Hours before he delivered his first nationally televised speech before a joint session of Congress, Donald Trump let it be known that he would take an opportunity to forcefully denounce the recent wave of hate crimes that have erupted across the country.
Instead, viewers got an abridged version of the same cookie-cutter statement that the White House has used repeatedly for weeks in an attempt to distance themselves from the same far-right extremists who got him elected in the first place.
The Trump administration caught flak for their failure to condemn—or even acknowledge—a recent shooting in Olathe, Kansas in which a white man shot two Indian-American immigrants and a third good Samaritan after allegedly shouting “get out of my country.” The White House remained similarly silent following dozens of threats made against Jewish community centers and attacks on Jewish cemeteries in St. Louis and Philadelphia, and after a mass shooting by an anti-immigrant extremist at a mosque in Quebec.
On Tuesday evening, Trump appended a brief paragraph to the very beginning of his remarks, offering up the same broad platitudes his administration has issued since Inauguration Day.
“Recent threats targeting Jewish Community Centers and vandalism of Jewish cemeteries, as well as last week’s shooting in Kansas City, remind us that while we may be a nation divided on policies, we are a country that stands united in condemning hate and evil in all its forms,” he said. That was the entirety of his comments about either incident.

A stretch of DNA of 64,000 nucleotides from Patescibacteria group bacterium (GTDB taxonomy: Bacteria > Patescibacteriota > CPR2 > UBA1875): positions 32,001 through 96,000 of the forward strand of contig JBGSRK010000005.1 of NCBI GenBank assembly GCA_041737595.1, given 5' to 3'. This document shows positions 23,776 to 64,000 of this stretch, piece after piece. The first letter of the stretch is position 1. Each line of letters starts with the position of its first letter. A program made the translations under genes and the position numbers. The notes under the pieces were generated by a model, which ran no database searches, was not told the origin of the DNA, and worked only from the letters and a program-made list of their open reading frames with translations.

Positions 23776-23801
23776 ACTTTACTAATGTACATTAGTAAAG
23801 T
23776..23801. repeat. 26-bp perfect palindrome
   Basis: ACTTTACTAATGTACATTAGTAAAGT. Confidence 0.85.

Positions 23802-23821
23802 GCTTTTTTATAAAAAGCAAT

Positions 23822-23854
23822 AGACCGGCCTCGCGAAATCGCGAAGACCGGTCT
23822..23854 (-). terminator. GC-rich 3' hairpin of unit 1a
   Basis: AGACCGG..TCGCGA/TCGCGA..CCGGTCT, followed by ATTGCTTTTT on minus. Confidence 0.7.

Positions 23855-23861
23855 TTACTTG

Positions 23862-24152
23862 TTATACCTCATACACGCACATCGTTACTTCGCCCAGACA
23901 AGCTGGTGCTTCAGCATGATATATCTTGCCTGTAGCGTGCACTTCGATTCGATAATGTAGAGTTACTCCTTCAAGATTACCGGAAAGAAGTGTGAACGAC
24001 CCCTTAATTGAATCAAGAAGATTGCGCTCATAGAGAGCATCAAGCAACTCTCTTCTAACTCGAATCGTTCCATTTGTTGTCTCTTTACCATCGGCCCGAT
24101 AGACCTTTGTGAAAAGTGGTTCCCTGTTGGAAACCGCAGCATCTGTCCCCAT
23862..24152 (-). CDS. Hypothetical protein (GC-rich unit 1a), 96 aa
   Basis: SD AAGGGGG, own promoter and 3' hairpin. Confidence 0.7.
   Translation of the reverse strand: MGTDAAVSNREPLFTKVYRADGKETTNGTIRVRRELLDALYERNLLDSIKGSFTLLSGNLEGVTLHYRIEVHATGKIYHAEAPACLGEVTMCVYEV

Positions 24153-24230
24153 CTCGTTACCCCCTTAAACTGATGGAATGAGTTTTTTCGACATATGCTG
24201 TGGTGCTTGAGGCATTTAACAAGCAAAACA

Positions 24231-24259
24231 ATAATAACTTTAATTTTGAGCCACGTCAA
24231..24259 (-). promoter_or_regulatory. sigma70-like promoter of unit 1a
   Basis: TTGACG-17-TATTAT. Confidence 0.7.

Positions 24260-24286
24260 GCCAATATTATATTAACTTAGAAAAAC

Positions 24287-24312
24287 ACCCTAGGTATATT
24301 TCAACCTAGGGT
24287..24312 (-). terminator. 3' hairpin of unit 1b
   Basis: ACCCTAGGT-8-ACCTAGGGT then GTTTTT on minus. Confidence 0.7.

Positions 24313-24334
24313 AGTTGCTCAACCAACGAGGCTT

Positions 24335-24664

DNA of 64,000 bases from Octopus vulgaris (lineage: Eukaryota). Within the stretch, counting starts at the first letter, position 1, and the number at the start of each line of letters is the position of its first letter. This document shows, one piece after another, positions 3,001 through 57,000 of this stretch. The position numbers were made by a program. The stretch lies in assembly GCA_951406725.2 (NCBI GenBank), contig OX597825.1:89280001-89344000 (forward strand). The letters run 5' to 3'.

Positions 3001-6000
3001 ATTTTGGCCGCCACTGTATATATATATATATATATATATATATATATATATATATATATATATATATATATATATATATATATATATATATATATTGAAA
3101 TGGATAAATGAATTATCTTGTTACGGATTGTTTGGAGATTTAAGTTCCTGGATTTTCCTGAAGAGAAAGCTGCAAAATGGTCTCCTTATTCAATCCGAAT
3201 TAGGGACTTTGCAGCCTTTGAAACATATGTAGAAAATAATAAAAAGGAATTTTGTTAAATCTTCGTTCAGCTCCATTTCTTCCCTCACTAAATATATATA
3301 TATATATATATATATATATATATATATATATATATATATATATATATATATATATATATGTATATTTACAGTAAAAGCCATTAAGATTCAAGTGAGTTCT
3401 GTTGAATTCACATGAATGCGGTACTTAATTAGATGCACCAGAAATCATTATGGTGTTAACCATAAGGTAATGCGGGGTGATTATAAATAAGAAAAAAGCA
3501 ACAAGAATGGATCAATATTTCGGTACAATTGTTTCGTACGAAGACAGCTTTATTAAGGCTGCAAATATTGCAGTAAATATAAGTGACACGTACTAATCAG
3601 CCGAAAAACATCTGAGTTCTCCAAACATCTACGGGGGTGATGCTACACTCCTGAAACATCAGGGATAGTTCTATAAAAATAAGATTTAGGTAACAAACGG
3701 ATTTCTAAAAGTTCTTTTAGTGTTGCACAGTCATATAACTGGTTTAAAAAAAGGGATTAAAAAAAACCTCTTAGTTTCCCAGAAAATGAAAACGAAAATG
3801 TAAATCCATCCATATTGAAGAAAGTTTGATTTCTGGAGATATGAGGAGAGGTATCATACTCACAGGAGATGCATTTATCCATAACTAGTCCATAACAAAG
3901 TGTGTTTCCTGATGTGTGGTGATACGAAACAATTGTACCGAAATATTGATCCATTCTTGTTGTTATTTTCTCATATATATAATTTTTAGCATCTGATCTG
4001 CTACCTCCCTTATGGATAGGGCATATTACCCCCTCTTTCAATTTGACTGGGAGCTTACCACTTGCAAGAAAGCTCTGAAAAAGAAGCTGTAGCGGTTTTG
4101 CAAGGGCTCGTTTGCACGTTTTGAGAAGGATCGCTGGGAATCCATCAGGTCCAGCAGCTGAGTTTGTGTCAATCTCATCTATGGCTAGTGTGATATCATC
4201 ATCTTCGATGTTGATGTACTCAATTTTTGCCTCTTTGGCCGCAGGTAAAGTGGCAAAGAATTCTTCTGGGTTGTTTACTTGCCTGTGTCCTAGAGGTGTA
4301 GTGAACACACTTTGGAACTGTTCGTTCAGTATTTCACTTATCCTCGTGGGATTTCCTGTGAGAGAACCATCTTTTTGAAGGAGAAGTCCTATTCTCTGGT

Compare that to his remarks about equally-violent attacks committed by immigrants. For seven paragraphs in the heart of his speech, Trump attempted to justify his proposal for a border wall with xenophobic fear-mongering.
His comments also come just hours after Trump reportedly tried to blame the latest wave of anti-Semitic attacks on liberals, suggesting to a group of state attorneys general that the bomb threats were part of a false flag operation to make Trump’s supporters look bad. It’s a theory popularized by former Ku Klux Klan Grand Wizard (and Trump supporter) David Duke.
Since Election Day, there have been hundreds of incidents of hate directed toward Muslims, Jews, the LGBTQ community, and other populations by right-wing extremists emboldened by the rise of Donald Trump’s brand of white nationalism. But the White House remains more willing to condemn imaginary attacks committed by immigrants than condemn very real attacks committed against them.